BY MORGAN LEGEL
Journal Staff

Dr. Joel Joseph and his staff at Wise Owl Animal Hospital are moving into 2020 with a new venture in sight — a crematorium, chapel and boarding house, all located in Mangilao behind the Guam Power Authority and Guam Waterworks Authority building.

Groundbreaking on the 14-acre lot will be sometime in January. The crematorium and chapel will be open by July 4, with the boarding house following suit before the end of 2020, Joseph said.

Joseph originally purchased the plot of land for $1.1 million three years ago. He also told the Journal that the land will be paid off by the middle of 2020. He estimated that the construction of the three structures will cost around $3 million.

The architect who designed and will work on the construction of the structures is Alan Chen, vice president and registered architect of E. M. Chen & Associates Inc.

“The crematory we are going to have is going to be 100% green,” Joseph said. “There’s no burning, it’s ‘aquamation.’”

“Aquamation” uses alkaline hydrosis to accelerate and mimic the process a body goes through during decomposition in the soil. It uses chemicals diluted with water, slowly circulated through the cremation chamber, leaving only the ash of the bones. Wise Owl will start with one machine, but will have room for up to two more after the initial installation.

The crematorium will also feature a bay of freezers to store animals before the aquamation process begins.

After cremation, an owner can decide if they would like the remains back, or, according to Joseph, the owner can choose to donate the remains to an environmental cause. “We have made arrangements with the Guam Farmer’s Co Op to try to reduce their fertilizer cost by 50% [by giving them the remains.] So what happens to your pet? It gets spread on a farmer’s field, and that’s kind of romantic.”

As far as licenses go, there are no extra licenses needed from the Environmental Protection Agency or otherwise because the crematory is not a pollutant. Joseph said that while the crematory does not discharge into the sewer system, if it did, the waste would be pH balanced and fully compatible with sewers and septic systems.

Dr. Joel Joseph, veterinarian and owner of Wise Owl Animal Hospital, on Dec. 10

Photo by Morgan Legel

Joseph said Wise Owl will offer discounted cremation services to the mayors of Guam, to help deal with the stray “boonie” dog situation. He said he hopes this will help prevent the illegal dumping of dead animals, especially into the ocean.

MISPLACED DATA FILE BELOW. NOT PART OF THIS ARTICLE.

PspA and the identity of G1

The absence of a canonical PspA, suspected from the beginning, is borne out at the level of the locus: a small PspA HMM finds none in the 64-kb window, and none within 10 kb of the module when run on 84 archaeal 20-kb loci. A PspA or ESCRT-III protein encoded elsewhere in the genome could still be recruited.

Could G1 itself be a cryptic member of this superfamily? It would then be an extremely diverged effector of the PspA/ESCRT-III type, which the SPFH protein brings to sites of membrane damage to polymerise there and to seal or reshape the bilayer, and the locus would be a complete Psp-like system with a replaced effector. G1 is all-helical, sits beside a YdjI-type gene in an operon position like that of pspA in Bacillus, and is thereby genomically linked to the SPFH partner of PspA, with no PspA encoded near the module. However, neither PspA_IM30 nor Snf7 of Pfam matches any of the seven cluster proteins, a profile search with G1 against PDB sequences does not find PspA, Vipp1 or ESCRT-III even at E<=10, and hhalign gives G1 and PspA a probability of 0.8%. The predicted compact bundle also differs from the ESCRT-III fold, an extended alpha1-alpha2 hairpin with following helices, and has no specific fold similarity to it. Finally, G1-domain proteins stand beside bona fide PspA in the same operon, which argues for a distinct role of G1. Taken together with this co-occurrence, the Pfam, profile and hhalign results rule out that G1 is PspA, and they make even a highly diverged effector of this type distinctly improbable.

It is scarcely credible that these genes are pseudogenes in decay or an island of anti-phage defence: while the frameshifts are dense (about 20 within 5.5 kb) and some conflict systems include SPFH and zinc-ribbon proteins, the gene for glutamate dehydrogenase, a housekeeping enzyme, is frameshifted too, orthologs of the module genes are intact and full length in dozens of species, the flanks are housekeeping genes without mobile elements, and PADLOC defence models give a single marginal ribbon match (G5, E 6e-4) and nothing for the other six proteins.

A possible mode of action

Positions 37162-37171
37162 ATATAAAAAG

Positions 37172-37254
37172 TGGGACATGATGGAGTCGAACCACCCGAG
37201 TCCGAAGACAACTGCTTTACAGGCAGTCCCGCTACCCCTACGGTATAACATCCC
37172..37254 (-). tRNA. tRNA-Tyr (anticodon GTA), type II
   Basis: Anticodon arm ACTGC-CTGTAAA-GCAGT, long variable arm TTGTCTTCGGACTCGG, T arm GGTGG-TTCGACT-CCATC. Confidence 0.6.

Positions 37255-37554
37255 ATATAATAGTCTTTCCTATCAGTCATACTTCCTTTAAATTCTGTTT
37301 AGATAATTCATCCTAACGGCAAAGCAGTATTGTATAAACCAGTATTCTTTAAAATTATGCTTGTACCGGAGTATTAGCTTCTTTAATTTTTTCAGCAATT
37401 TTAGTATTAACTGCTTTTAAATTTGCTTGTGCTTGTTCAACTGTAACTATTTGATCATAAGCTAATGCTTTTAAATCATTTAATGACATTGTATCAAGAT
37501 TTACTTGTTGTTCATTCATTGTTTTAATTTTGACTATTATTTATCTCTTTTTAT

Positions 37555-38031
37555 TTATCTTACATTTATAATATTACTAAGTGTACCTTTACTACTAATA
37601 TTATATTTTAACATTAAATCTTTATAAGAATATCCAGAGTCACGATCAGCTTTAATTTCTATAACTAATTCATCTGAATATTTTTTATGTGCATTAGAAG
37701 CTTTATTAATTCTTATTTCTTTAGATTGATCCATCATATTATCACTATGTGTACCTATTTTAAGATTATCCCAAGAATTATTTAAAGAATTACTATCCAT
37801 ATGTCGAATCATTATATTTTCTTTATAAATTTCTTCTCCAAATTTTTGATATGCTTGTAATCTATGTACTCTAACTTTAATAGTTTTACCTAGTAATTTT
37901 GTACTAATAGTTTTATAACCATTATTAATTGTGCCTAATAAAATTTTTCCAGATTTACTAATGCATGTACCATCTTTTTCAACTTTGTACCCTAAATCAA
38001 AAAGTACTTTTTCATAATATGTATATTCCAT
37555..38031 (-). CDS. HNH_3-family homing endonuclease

The other structure in the Mangilao property is the chapel. This is where owners can host services for their beloved pet, after its passing. “It’s a nice way to say goodbye,” said Joseph.

One of the biggest structures will be the new boarding facility, which will increase Wise Owl’s boarding abilities by more than 100%. Currently, at the Tamuning hospital, Wise Owl can board 10 to 11 cats and about 30 dogs. In the new facility, there will be 21 “luxury” kennels with a view outside and 24 standard kennels for cats, each able to accommodate more than one cat. For dogs, there will be 80 kennels, with the “luxury” ones facing a bone-shaped doggy swimming pool, most of which can also accommodate two or more animals. Joseph noted that since the kennels are on the larger side, they can also accommodate larger animals as well.

There will also be a quarantine section within the boarding house, for animals that need separated after travel to the island.

Wise Owl plans to close its boarding section at the Tamuning location.

There are also plans for a dog park on the back of the property, according to Joseph. Wise Owl will use the park to play with animals being boarded, but it will be open for public use as well. “So instead of being on the main road,” Joseph said, “the access will be all the way around through the back, so that if dogs escape, they’re not escaping into the road.”

The whole facility will be utilizing “water-catchment,” Joseph said. This means any water used can be caught and reused, especially the 400 gallons of water a day the cremation process takes. Along with this environmentally friendly procedure, the facility will also be “massively solar-powered,” he said.

Out of the 14 acres on the lot, the new crematorium, chapel, boarding house and public dog park will take up a fourth of the land, leaving room for what Joseph said could ultimately be a second location of the Wise Owl Animal Hospital, mainly used to treat animals for emergencies. mbj